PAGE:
Olo Q2 2021 Earnings Review
Exploring the results of this disruptor.
“As the U.S. economy and dining rooms began to reopen, restaurant digital sales proved durable.” — Founder/CEO Noah Glass
Olo guided to $33.9-$34.4 million in quarterly revenue. Analysts expected $34 million. It posted $35.9 million thus beating the high point of its internal guide by 4.4% and analyst expectations by 5.6%.
The 9,000 active locations Olo has already added for 2021 is what analysts were expecting for the entire year. As a result, it revised that guidance higher to now adding active locations in the “mid-teen thousands” range. This is a result of deployments happening more quickly than expected and strength in bookings replacing those deployments in the pipeline. This bookings metric represents a great forward-looking gauge of demand.
Olo had been expecting a larger decrease in sequential revenues due to re-opening and the wearing off of stimulus benefits. The sequential decrease in transaction volume was solely driven by these two variables.
Platform revenue — Olo’s highest margin and most recurring revenue segment by far — grew 53% year over year driven by both more brands and more volume per location.
“Fluctuations in ARPU can be expected as the number of modules a brand initially deploys varies. This quarter we experienced a great number of initial single-module deployments. These deployments represent a great opportunity to land and expand with our new customers. On a full year basis, we anticipate continued momentum in ARPU as growth in multi-product usage increases. ” — CFO Peter Benevides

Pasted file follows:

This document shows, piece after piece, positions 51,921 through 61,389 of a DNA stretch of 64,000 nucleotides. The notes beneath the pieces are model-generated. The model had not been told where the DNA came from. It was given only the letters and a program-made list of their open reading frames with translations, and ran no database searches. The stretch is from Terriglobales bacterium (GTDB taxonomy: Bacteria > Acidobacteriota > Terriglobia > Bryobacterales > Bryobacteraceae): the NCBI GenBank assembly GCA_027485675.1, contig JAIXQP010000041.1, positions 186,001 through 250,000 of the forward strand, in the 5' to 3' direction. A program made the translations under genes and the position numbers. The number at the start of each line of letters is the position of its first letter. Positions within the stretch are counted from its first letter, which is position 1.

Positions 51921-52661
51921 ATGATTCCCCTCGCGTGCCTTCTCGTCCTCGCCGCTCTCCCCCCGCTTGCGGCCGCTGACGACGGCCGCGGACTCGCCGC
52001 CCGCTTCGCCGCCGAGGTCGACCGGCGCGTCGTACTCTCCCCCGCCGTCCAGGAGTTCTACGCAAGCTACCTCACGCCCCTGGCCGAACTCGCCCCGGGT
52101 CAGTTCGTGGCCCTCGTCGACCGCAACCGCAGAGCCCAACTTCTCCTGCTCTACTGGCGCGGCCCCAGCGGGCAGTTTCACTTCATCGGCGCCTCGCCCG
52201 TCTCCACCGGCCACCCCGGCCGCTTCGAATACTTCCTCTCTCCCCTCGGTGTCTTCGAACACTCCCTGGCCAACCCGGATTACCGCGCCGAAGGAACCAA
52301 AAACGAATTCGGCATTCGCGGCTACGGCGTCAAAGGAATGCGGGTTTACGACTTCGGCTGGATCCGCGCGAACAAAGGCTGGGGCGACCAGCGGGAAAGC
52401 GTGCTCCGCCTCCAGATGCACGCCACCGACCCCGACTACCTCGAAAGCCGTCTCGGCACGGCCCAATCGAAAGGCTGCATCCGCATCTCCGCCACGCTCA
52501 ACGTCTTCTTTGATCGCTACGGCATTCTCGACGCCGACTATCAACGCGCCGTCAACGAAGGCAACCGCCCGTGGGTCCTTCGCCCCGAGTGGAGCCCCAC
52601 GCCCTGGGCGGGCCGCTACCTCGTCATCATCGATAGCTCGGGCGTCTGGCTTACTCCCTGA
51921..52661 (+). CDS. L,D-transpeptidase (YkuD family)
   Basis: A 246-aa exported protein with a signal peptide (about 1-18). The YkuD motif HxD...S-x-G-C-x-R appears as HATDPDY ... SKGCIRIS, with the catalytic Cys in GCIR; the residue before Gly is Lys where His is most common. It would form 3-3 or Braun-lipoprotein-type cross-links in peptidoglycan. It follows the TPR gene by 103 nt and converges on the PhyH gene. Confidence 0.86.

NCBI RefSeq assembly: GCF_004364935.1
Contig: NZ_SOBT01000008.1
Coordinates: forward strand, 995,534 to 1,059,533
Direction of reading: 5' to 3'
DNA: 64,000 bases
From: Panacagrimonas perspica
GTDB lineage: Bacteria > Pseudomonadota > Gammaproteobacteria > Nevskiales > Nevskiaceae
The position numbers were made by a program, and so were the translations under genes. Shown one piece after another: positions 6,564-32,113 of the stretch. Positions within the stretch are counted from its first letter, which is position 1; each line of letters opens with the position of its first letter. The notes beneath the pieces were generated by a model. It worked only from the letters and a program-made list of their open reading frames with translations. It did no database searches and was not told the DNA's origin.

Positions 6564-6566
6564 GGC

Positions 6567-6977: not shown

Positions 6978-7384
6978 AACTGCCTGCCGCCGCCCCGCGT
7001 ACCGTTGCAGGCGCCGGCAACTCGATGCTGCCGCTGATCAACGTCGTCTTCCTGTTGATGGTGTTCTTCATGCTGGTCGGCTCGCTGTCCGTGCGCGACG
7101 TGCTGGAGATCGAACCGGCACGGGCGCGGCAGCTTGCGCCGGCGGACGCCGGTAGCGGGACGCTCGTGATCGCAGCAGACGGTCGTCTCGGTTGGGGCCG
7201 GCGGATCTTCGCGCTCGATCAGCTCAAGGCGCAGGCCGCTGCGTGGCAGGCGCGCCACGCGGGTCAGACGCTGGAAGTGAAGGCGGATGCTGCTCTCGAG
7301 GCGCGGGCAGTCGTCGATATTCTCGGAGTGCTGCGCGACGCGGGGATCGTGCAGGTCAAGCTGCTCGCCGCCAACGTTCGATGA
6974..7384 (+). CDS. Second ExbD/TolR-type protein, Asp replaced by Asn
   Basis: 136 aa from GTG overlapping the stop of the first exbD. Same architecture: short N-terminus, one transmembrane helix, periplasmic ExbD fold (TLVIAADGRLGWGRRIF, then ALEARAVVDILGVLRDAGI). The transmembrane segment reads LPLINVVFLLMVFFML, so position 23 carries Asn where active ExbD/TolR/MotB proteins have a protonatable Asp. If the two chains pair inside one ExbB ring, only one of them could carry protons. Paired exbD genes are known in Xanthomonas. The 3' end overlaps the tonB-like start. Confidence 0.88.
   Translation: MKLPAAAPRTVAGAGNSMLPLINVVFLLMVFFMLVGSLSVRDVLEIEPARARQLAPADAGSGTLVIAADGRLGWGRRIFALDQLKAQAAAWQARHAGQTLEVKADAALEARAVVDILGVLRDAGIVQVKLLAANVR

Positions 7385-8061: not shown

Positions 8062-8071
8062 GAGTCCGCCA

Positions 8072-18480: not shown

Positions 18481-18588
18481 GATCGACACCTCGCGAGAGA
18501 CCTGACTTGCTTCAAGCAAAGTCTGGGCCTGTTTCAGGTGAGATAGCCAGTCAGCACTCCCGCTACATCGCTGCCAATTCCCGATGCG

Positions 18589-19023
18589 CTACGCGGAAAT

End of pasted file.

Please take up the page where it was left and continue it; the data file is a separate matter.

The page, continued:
The company previously guided to $2.3-$2.7 million in operating income. It posted $5.9 million thus beatings the high point of its internal guide by 118%.
Analysts expected Olo to earn $0.01 per share during the quarter. It posted earnings of $0.03 per share thus beating expectations by $0.02.
The small sequential and year over year declines in gross margin were driven by an increase in head count and to support rapid growth in locations added to the platform.
The company plans to increase marketing spend as a percent of revenue in the shorter term to support growth. It was 9% of sales this quarter vs. 7% in the comparable year over year period. Similarly, general and administrative (g&a) expenses rose from 17% to 25% of total revenues year over year due to headcount and public company costs. This cost line will decline as a percent of total revenue going forward.
R&d spend continues to dominate the company’s cost structure. This item accounted for 32% of total revenue in the quarter vs. 30% in the year over year period. This will continue to rise in the short term pointing to Olo seeing plenty of opportunity for future product innovation and enhancement.
Olo has $575.2 million in cash on the balance sheet with virtually 0 debt.
c. Guidance Updates
3rd quarter guidance is as follows:
$36-$36.5 million in revenue
Analysts were expecting $34.6 million
$3.4-$3.8 million in operating income
“We continue to be prudent in our approach to forecasting.” — Benevides
d. Operational highlights
Declining DoorDash Rails revenue concentration (& risk):
DoorDash Rails fees made up 17.6% of total Olo revenue in the comparable 2020 period.
This fell to 13.8% of total Olo revenue this quarter.
Rails is Olo’s channel management and aggregation module.
71% of Olo’s clients use all 3 core company modules vs. 44% pre-pandemic.
Grubhub agreed to partner with Olo on its Rails module. Grubhub’s demand aggregation will now feed directly into every Olo client’s digital demand. This represents the final national aggregator holdout to join the Olo Rails ecosystem and brings Olo’s total delivery service provider (DSP) footprint to more than 2 dozen. Adding demand aggregators in the past has directly led to increased volumes for Olo’s clients. This integration will take place over the next few quarters.
“Olo is fulfilling its promise to serve as a common carrier, ensuring a level playing field for all aggregator partners.” — Glass